Review Article - Interventional Cardiology (2022) Volume 14, Issue 0

Mitochondrion as one of the key targets in viral infection

Corresponding Author:
Anastasia V. Poznyak Institute for Atherosclerosis Research, Osennyaya 4-1-207, 121609 Moscow, Russia, E-mail:;
Alexander N. Orekhov Institute for Atherosclerosis Research, Osennyaya 4-1-207, 121609 Moscow, Russia, E-mail:

Received date: 12-Dec-2022, Manuscript No. FMIC-22-83176; Editor assigned: 14-Dec-2022, PreQC No. FMIC-22-83176 (PQ); Reviewed date: 28-Dec-2022, QC No. FMIC-22-83176;Revised date: 04-Jan-2023, Manuscript No. FMIC-22-83176 (R);Published date: 16-Jan-2023, DOI: 10.37532/1755-5310.2022.14(S14). 328


Viruses are able to affect cellular organelles to increase the productivity of reproduction, maintain tire viability of visions and evade the antiviral immune response. Understanding the mechanisms and knowledge of the proteins involved in the interaction of viruses with cellular structures allows for a better understanding of the pathogenesis of the virus and is the basis for the creation of antiviral drugs. Mitochondria is an important strategic target for viruses, capturing which viruses are able to change cell metabolism, regulate the cell cycle and inhibit the antiviral immune response. Using the example of SARS-CoV-2, a model of the viral effect on the mitochondria is shown: SARS-CoV-2 shifts metabolism to glycolysis and inhibits interferon production, which, as a result leads to increased inflammation, which is a characteristic feature of COVID-19. Based on the described model, we have discussed possible therapeutic strategies to combat COVID-19.


Mitochondria • Sars-CoV-2 • MAVS • Glycolysis


Despite the significant progress of medicine in the fight against viral infections, the discovery of new emergent viruses poses a high threat to people around the world. The emergence and spread of SARS-CoV-2 in the human population have led to the development of the COVID-19 pandemic, which has been going on for more than 2 years. During the first year of the pandemic, COVID-19 became the most common infectious disease, which infected more than 37 million people [1], and at the moment more than 342 million, of which more than 5.5 million deaths were recorded [2]. The difficulty in combating COVID-19 is due to several factors: Firstly, the high variability of the virus leads to the emergence of new, sometimes more pathogenic strains of SARS-CoV-2 [3]; secondly, the airborne transmission pathway is highly contagious, which contributes to the better spread of infection; thirdly, the peak viral load of SARS-CoV-2 occurs in the first days after the onset of the disease’s symptoms, which also contributes to the spread of the virus [4]; fourth, SARS-CoV-2 has complex pathogenesis peculiar only to it, many characteristics of which remain unknown, which complicates the treatment of COVID-19.

The mild form of COVID-19 can be transmitted in the form of a catarrhal disease characteristic of many respiratory viruses, the medium-severe and severe forms of COVID-19 are often associated with the occurrence of a cytokine storm, which is a strong self-reproducing inflammatory reaction that can lead to multiple organ failure and death [5]. Understanding the mechanisms underlying the development of cytokine storm in COVID-19 at the cellular and molecular level can help in the development of effective antiviral and anti-inflammatory drugs aimed, among other things, at the treatment of patients with severe COVID-19. Initiation of reactions leading to the development of inflammation begins at the level of interaction of SARS- CoV-2 proteins with proteins of cellular organelles, including mitochondrial proteins. This review explains how a virus can adjust the functioning of a cell to its needs by targeting mitochondria. Using the example of SARS-CoV-2, the model of this interaction leading to the development of inflammation has been shown, and therapeutic approaches for the treatment of COVID-19 have been also proposed based on this model.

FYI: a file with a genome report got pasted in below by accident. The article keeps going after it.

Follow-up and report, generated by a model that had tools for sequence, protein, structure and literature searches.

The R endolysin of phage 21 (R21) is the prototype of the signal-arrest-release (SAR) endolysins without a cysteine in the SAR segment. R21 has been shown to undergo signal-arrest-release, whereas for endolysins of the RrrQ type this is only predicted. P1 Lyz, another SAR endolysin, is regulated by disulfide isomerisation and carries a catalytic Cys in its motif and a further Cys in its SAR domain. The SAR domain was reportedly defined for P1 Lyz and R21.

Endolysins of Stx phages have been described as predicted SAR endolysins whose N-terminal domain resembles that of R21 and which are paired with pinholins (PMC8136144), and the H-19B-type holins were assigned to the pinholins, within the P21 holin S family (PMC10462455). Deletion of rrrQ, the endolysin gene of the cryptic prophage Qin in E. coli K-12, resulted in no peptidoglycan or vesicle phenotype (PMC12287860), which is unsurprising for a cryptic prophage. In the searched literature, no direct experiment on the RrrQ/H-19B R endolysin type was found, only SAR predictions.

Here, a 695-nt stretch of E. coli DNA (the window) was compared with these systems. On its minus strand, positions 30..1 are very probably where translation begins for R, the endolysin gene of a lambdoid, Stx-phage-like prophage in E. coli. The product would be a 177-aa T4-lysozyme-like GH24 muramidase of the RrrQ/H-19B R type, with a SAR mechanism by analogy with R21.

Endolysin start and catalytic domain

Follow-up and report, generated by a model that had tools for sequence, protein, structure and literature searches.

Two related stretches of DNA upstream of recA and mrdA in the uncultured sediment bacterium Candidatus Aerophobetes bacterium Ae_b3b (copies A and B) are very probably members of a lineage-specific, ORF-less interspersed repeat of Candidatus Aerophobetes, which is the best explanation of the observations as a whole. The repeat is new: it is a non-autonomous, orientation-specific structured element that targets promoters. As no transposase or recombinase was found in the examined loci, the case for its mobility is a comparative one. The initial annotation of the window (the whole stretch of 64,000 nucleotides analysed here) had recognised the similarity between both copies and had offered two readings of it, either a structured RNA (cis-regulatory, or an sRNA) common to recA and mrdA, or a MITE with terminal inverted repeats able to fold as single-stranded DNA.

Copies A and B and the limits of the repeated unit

Literature Review

Mitochondrial structure, function and homeostasis

Mitochondria play a crucial role in the production of metabolic energy in eukaryotic cells. They initiate the production of most of the useful energy released during the breakdown of carbohydrates and fatty acids. The resulting energy is accumulated in the form of ATP molecules, whose formation is the result of the oxidative phosphorylation process [6].

A feature of the mitochondrial structure is the presence of its own circular DNA molecule, which encodes tRNA, rRNA, and some mitochondrial proteins [7-9]. At the same time, mitochondria include both proteins encoded by their mitochondrial genome and proteins encoded by the nuclear genome and imported from the cytosol [6]. Mitochondria are two membrane organelles: They are composed of an Outer Membrane (OM) and an Inner Membrane (IM), which are separated by an intermembrane space. The inner membrane forms numerous folds (cristae) that limit the internal environment of the organelle, called the matrix [10,11].

Each of the designated components plays different functional roles, with the matrix and IM being the most important working compartments of mitochondria [11]. Pyruvate, formed as a result of glucose oxidation, and fatty acids enter the matrix from the cytoplasm. Here, these metabolites enter the Krebs cycle, as a result of which their complete oxidation to CO2 molecules occurs, as well as the reduction of the electron carriers NAD+ and FAD to NADH and FADH2 , respectively. Then these reduced molecules are transferred to IM, where, during the process of oxidative phosphorylation, the energy accumulated as a result of electron transfer reactions is converted into potential energy of the proton gradient, which triggers the work of ATP synthase, and, accordingly, the formation of ATP [6]. IM, unlike OM, is the practically impermeable membrane for ions and small molecules, which is an important condition for maintaining the proton gradient [6,11].